Phuong Pham, Vincenzo Bollettino, Patrick Vinck, Ariana Marnicio, Lea Ivy Manzanero, Mark Toldo, Rachel Dickinson, Alexis Smart, and Evan Bloom. 10/2020. “Network Analysis of Actors Working to Support Disaster Preparedness and Resilience in the Philippines”.Abstract
The Harvard Humanitarian Initiative (HHI) partnered with Root Change to conduct a network analysis of actors working to support disaster preparedness and resilience in the Philippines. The study design is modeled after a summative phase external evaluation that HHI conducted in 2016-2017 on the START Network’s Disasters and Emergency Preparedness Program (DEPP). Network analysis techniques applied in this evaluation have been adapted from the DEPP work to analyze the disaster resilience network in coastal Bangladesh under the Resilient Communities Program. In this report, we present the network analysis and methods used. We also detail findings and recommendations for HHI and other in-country partners about how these results can inform programs to strengthen disaster resilience and climate change in the Philippines.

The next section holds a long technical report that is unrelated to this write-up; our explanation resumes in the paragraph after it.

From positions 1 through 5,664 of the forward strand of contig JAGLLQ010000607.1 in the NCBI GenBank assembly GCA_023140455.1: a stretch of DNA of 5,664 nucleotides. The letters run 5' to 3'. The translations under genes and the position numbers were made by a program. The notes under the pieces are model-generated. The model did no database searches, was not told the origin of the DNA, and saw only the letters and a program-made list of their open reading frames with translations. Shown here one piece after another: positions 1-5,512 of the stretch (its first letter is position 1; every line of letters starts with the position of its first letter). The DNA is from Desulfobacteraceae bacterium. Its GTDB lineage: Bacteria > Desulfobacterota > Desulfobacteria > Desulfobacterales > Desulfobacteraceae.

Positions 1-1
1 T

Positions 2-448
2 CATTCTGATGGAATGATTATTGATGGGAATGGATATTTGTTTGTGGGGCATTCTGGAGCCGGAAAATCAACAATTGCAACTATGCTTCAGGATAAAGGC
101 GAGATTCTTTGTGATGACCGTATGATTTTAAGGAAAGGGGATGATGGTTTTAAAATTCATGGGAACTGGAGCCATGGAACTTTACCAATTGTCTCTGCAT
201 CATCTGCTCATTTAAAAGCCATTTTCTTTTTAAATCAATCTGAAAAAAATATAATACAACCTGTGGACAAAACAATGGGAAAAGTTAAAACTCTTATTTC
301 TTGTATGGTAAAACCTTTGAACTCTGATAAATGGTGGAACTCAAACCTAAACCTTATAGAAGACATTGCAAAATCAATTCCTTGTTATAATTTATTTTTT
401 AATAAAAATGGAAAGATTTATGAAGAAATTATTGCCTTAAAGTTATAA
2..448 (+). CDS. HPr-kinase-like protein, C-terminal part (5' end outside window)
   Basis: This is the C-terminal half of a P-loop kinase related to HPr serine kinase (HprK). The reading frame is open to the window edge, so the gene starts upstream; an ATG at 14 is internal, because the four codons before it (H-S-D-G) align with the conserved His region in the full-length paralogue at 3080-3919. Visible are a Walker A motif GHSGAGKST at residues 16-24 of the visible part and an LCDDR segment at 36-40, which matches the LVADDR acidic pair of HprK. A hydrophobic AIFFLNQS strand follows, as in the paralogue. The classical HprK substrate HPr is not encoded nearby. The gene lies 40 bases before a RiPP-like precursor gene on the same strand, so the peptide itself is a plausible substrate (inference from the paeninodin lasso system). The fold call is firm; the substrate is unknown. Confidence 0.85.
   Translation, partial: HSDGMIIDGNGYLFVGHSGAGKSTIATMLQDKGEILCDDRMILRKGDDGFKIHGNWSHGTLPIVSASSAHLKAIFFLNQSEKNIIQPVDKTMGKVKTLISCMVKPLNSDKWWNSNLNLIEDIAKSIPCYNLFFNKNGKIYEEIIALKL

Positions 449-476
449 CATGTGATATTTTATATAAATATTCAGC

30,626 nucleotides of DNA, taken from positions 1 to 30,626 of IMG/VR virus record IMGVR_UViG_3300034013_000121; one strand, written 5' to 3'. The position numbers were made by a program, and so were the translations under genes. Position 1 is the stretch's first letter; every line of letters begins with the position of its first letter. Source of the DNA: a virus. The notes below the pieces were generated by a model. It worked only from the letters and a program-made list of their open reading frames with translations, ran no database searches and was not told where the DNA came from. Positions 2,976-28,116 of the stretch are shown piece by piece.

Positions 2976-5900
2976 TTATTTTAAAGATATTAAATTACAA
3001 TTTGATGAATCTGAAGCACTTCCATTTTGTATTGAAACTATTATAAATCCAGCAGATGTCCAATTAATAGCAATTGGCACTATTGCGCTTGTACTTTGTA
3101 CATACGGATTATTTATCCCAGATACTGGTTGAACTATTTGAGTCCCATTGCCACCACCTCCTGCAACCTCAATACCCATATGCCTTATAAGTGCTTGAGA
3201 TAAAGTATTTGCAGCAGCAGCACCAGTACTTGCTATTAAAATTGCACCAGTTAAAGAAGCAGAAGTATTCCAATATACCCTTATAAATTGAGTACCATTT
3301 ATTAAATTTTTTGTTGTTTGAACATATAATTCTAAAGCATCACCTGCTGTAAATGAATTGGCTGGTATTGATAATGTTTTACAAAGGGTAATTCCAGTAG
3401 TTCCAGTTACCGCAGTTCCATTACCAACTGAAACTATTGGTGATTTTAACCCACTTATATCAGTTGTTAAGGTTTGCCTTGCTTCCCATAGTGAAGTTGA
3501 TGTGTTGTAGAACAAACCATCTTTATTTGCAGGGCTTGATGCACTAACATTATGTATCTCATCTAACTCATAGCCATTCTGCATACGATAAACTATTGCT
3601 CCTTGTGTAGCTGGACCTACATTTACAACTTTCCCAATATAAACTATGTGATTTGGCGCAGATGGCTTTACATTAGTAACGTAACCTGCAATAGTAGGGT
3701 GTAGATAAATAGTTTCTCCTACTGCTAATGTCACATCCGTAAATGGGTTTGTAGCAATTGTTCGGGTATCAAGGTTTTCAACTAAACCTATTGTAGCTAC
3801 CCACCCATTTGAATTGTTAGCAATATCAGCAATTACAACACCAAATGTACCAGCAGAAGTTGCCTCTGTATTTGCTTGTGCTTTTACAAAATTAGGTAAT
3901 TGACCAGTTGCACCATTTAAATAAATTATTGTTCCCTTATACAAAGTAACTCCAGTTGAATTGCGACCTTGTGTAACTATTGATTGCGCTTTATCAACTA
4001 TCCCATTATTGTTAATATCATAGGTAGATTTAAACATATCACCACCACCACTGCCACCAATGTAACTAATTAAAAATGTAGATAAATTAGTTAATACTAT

Network map of surveyed humanitarian actors working on disaster preparedness and resilience in the Philippines. | HHI/Root Change

Localization of disaster aid slow in the Philippines

October 28, 2020

Massachusetts, USA — A study by the Harvard Humanitarian Initiative (HHI) has found a reliance on international actors within the disaster risk reduction (DRR) and climate change adaptation (CCA) system in the Philippines. A continued reliance on international aid agencies means the Philippines is not realizing its full potential for utilizing local organizations to bolster the country’s DRR and CCA system, HHI researchers warned.

“Local community-based organizations (CBOs) and national non-...